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Phyllis Crawford was the author of children’s books and adult fiction, including Hello, the Boat!, which won the Ford Foundation award for the best book manuscript for children in 1938. Over several decades, Crawford also contributed to the New Yorker and other magazines under the pseudonym of Josie Turner. She often drew upon her experiences growing up in Little Rock (Pulaski County) to frame the plots of her stories.
Phyllis Crawford was born on February 8, 1899, in Little Rock to T. Dwight Crawford and Bessie Williams Crawford. Her father was an attorney and worked for the Arkansas Supreme Court for many years. She had one brother, John, also an author. The Crawford family resided at 416 Fairfax, in one of the earliest homes constructed in Pulaski Heights (Pulaski County), which later became a part of Little Rock. Crawford graduated from Little Rock High School, received a BA from Randolph Macon College in Virginia in 1920, and completed a degree in library science from the University of Illinois in 1924.
Crawford’s first employment was at the Little Rock Public Library, under the direction of Beatrice Prall. In 1924, she moved to New York to work as an editorial assistant and then as an editor for H. W. Wilson Company, publisher of library lists. During this period, she began writing humorous articles for the New Yorker under the pseudonym of Josie Turner. She quickly became well known for a popular serial in the magazine called Elsie Dinsmore on the Loose.
In 1928, Crawford moved to Santa Fe, New Mexico, and married Cyril Kay-Scott, who at the time was director of the Santa Fe School of Art. Kay-Scott, born Frederick Creighton Wellman, had served as dean of the School of Tropical and Preventative Medicine at Tulane University and, through his lifetime, was to achieve notoriety in the fields of engineering, medicine, science, literature, and art. His personal life was also the subject of much publicity, particularly as related to one of his three previous wives, author and poet Evelyn Scott. The two had met at Tulane and fled to Brazil under assumed names to escape prosecution for violation of the Mann Act.
Crawford’s first two books, both published in 1930, were Elsie Dinsmore on the Loose, a satire based on her stories in the New Yorker written under her pseudonym Josie Turner, and The Blot: Little City Cat, a children’s book written under her own name. In 1931, following a divorce from Kay-Scott, Crawford moved back to New York City, where she resumed work at the H. W. Wilson Company. In 1935, she became an editor of the Index of American Design of the Federal Arts Project, but by 1937 she was writing full time. Hello, the Boat!, a story of store-boat life on the river, was published the following year, and its selection by the Ford Foundation for best children’s manuscript from more than 1,600 entries brought financial reward and much publicity to the author. In July 1938, Crawford’s photograph appeared in Saturday Review of Literature alongside two foremost authors of the times, Margaret Mitchell and W. H. Auden. In 1940, she was featured in Current Biography: Who’s News and Why. The Arkansas newspapers covered her professional career periodically.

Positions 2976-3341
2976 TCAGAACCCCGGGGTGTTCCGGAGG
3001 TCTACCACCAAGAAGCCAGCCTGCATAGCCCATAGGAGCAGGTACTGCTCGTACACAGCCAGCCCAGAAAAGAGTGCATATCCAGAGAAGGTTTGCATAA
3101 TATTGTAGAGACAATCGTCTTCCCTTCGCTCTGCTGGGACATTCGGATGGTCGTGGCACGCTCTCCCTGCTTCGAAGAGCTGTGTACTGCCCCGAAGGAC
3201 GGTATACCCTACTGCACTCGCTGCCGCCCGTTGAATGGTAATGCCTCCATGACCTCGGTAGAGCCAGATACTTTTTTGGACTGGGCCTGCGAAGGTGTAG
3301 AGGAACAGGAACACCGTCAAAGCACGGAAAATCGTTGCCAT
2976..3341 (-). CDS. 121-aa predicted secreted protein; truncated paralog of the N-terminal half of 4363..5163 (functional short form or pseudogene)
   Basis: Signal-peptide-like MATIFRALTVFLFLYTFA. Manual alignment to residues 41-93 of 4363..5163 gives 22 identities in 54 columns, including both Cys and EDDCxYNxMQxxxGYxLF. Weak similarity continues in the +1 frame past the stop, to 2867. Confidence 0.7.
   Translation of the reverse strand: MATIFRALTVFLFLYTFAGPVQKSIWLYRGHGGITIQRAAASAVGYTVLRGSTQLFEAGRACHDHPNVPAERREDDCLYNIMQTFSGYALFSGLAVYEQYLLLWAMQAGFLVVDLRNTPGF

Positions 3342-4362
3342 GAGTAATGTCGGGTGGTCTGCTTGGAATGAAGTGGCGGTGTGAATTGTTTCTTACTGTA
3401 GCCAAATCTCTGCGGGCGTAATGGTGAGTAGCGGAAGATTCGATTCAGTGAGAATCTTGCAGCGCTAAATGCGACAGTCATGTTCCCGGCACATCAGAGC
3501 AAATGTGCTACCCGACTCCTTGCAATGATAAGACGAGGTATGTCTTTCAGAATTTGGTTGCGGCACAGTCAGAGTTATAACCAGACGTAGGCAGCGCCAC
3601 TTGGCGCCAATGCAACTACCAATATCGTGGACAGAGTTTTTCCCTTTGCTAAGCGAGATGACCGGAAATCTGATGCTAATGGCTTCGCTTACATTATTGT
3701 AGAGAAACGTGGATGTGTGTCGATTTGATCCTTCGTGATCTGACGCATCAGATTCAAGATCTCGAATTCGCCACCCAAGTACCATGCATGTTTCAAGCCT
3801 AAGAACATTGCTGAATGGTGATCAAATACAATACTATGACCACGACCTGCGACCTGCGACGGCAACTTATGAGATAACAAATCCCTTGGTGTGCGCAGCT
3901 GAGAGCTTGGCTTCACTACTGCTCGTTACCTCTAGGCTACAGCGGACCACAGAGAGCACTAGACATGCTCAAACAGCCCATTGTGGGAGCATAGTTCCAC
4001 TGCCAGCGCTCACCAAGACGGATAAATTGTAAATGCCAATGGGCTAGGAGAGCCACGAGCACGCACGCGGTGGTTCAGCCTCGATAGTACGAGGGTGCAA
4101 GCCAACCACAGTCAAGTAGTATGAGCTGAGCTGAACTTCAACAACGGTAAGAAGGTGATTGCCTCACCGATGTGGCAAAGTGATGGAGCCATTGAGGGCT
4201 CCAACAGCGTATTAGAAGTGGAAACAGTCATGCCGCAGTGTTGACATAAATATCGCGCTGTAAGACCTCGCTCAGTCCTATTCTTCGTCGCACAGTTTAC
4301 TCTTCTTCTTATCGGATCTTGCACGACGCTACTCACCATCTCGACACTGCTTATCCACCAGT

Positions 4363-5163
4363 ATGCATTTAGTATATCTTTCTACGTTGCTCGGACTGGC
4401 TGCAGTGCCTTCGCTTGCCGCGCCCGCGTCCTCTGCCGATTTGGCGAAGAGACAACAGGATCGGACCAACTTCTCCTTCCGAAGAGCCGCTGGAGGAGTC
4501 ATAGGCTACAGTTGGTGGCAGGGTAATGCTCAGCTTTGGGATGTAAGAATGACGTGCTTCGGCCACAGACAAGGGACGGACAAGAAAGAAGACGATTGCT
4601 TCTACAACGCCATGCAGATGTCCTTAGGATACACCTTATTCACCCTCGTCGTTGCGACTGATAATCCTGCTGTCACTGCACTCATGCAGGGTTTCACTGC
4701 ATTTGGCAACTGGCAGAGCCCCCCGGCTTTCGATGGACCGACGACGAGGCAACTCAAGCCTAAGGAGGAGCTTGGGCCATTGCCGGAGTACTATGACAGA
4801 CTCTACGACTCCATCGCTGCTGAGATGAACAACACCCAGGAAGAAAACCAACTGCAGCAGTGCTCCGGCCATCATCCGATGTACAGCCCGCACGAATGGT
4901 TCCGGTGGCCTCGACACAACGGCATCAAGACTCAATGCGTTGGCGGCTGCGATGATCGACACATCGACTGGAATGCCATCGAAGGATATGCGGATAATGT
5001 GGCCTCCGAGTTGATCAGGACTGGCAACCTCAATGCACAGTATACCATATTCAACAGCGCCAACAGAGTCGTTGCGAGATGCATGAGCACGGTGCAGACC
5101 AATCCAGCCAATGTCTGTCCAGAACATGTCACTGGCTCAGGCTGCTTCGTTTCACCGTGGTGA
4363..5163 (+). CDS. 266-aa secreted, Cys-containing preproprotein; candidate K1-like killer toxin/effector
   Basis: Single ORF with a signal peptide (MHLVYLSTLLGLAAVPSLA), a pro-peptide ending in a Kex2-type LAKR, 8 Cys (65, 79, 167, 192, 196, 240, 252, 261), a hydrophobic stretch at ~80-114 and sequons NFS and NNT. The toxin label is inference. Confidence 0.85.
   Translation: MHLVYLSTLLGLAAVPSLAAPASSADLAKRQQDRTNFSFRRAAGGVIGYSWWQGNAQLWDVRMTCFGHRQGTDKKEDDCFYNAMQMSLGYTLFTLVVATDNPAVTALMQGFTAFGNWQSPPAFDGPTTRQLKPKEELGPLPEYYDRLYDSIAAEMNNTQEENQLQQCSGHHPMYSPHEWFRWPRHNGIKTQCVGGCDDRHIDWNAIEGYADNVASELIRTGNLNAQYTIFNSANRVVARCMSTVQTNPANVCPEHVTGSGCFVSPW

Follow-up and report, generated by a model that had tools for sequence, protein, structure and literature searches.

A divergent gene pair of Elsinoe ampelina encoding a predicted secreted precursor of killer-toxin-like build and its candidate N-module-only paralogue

In 1940, her book Walking on Gold was published. It was a carefully researched fictional account of the “Arkansas Travelers,” a group of fortune seekers who set out from Fort Smith (Sebastian County) to follow the 1849 trail to the California gold mines. Crawford presented Native Americans in a way that was considered more humane than depictions by other novelists of the time, and her presentation of Arkansas folk language was considered genuine and accurate. Arkansas history and her personal experiences growing up in Little Rock often influenced her successive books, such as Posie Didn’t Say (1941, written under her pseudonym), Secret Brother (1941), The Last Semester (1942), Second Shift (1943), Let’s Do (1949), and several books and articles that followed. In jest, she once said that she and her brother, John Crawford—who wrote juvenile literature under the pen name of John Gregg—had to check with each other to make sure they did not duplicate their Arkansas experiences in print. She explained her writing motivation over the course of her career as an expression of her “strong belief in the courage and resourcefulness of the plain people who have made these United States.”
Crawford continued to write from her Greenwich Village apartment, surrounded by her cats and her fine Colonial American antiques and paintings, well into the 1950s. She spent her final years in Santa Fe, New Mexico, and died there in July 1980. Her exact death date and location of interment have not been determined.
For additional information:Block, Maxine. Current Biography: Who’s News and Why. New York: H. W. Wilson Company, 1940.
Howes, Durwood. American Women, 1935–1940: A Composite Biographical Dictionary. Vol. 1. Los Angeles, CA: American Publications, Inc, 1940.
Moody, Claire N. “Famous Writer Once a Librarian in Little Rock.” Arkansas Democrat Sunday Magazine, March 11, 1951, p. 2.
Phyllis Crawford Clipping File. Butler Center for Arkansas Studies. Central Arkansas Library System, Little Rock, Arkansas.
Jim PfeiferLittle Rock, Arkansas
Last Updated 2/15/2012
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